The test is a significant milestone for Gilmour Space, which is pioneering new single-port hybrid propulsion rocket engines that will be significantly cheaper, greener and safer to operate than traditional liquid and solid propulsion rockets.
Gilmour Space CEO and co-founder Adam Gilmour explained, "We more than doubled the duration of our last 45-second test fire, and in the process proved a lot of the technologies we will need for our larger engines. What you see here is a mission duty cycle and throttle test of our smallest upper-stage engine."
The Queensland-based company is developing a new three-stage hybrid propulsion rocket that will launch small satellites into orbit from 2022 – 110 seconds is the time period expected for the final stage to deliver customer payloads into their specific orbit.
"We also conducted a controlled throttle-down during the test to demonstrate our engine’s on-orbit manoeuvring capability to a customer," Mr Gilmour added.
Space-based technologies, previously the domain of big governments and space agencies, already provide vital services such as broadband internet, communications and GPS, and support almost every sector of the economy, including defence.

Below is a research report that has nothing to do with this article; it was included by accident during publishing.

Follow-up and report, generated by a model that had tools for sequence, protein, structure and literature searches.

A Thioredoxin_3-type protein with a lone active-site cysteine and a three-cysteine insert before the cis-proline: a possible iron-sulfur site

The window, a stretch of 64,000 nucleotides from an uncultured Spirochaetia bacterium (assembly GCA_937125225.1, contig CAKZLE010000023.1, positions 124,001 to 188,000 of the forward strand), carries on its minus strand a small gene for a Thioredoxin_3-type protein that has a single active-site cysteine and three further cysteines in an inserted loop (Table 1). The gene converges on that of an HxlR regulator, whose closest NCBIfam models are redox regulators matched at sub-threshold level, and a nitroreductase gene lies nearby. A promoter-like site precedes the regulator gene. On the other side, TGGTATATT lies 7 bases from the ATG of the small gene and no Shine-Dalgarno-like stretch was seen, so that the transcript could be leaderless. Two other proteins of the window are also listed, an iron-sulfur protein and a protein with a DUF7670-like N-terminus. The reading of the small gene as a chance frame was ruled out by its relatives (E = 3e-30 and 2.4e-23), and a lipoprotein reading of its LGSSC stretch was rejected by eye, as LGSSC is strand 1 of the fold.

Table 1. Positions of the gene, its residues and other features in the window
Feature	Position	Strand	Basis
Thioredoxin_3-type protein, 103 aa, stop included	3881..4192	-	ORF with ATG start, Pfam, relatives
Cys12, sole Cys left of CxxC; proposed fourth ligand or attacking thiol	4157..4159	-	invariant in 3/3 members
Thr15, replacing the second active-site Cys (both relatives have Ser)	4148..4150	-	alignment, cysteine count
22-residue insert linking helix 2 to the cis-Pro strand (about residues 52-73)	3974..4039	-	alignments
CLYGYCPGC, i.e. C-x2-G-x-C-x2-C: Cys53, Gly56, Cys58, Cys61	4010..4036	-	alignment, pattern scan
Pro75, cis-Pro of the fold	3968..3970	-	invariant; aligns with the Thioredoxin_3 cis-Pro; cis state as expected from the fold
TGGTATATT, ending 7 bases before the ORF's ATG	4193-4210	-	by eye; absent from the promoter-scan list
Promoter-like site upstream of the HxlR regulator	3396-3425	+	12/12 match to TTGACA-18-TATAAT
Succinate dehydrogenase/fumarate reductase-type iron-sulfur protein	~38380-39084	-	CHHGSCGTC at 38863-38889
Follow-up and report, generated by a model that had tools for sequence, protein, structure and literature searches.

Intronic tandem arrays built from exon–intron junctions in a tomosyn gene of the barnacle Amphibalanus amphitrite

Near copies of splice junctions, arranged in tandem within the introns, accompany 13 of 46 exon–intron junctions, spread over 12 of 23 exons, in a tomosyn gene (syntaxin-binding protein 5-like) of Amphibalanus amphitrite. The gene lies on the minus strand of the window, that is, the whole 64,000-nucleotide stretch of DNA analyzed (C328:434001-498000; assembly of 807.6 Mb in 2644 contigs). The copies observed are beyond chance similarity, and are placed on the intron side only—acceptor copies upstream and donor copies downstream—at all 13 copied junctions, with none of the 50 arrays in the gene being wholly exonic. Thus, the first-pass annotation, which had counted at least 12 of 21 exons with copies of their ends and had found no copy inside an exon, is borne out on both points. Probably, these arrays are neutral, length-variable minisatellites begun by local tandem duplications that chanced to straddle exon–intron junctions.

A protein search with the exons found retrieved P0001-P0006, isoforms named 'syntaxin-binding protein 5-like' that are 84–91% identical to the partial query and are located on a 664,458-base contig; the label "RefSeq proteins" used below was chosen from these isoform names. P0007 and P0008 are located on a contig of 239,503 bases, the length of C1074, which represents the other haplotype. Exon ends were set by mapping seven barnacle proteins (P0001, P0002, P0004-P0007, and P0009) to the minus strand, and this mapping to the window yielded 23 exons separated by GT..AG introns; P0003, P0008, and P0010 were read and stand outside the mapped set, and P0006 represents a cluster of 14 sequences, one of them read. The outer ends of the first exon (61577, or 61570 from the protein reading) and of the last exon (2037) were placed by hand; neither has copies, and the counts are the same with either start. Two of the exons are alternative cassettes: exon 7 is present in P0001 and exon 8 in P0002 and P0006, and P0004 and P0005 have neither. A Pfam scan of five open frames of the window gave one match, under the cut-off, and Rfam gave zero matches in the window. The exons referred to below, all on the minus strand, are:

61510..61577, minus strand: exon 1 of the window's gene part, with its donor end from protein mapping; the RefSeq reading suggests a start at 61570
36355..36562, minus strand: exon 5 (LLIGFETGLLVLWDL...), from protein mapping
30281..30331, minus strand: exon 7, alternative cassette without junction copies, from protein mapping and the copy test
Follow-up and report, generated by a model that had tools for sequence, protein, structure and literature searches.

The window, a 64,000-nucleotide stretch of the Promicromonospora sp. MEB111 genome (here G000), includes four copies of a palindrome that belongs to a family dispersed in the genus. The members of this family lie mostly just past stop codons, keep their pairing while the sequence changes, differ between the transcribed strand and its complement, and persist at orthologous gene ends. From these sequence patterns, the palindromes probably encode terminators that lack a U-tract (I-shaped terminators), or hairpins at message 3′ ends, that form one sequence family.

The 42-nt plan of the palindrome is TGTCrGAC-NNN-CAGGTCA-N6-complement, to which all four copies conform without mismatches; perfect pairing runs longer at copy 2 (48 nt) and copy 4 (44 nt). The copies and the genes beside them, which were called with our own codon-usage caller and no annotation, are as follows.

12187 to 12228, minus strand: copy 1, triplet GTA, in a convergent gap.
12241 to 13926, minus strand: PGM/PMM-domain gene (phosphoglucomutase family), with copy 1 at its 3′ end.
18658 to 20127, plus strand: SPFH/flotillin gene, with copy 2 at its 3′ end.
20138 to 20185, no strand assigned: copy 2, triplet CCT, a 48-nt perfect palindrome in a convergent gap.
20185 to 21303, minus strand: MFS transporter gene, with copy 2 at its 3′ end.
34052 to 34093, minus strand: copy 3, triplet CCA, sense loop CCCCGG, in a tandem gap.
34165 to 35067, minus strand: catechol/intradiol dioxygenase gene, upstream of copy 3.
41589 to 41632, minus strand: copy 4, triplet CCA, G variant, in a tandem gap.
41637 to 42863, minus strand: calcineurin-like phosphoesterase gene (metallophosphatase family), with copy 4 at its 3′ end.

Gilmour expanded, "With space now opening up to commercial players, we are seeing an explosion of innovation in the global space industry – constellations of smaller satellites in low-Earth orbits transmitting massive amounts of data for our mobile needs, enabling cheaper and faster internet, autonomous vehicle systems, the internet of things, and much more.
"However, launch costs and availability are still big challenges for small satellite players globally, and we remain committed to providing customers with more cost-effective and reliable access to space."
Gilmour Space Technologies is a venture-funded Australian space technology company headquartered in Gold Coast, Queensland, that is developing and launching more affordable rockets to serve the global small satellite industry.
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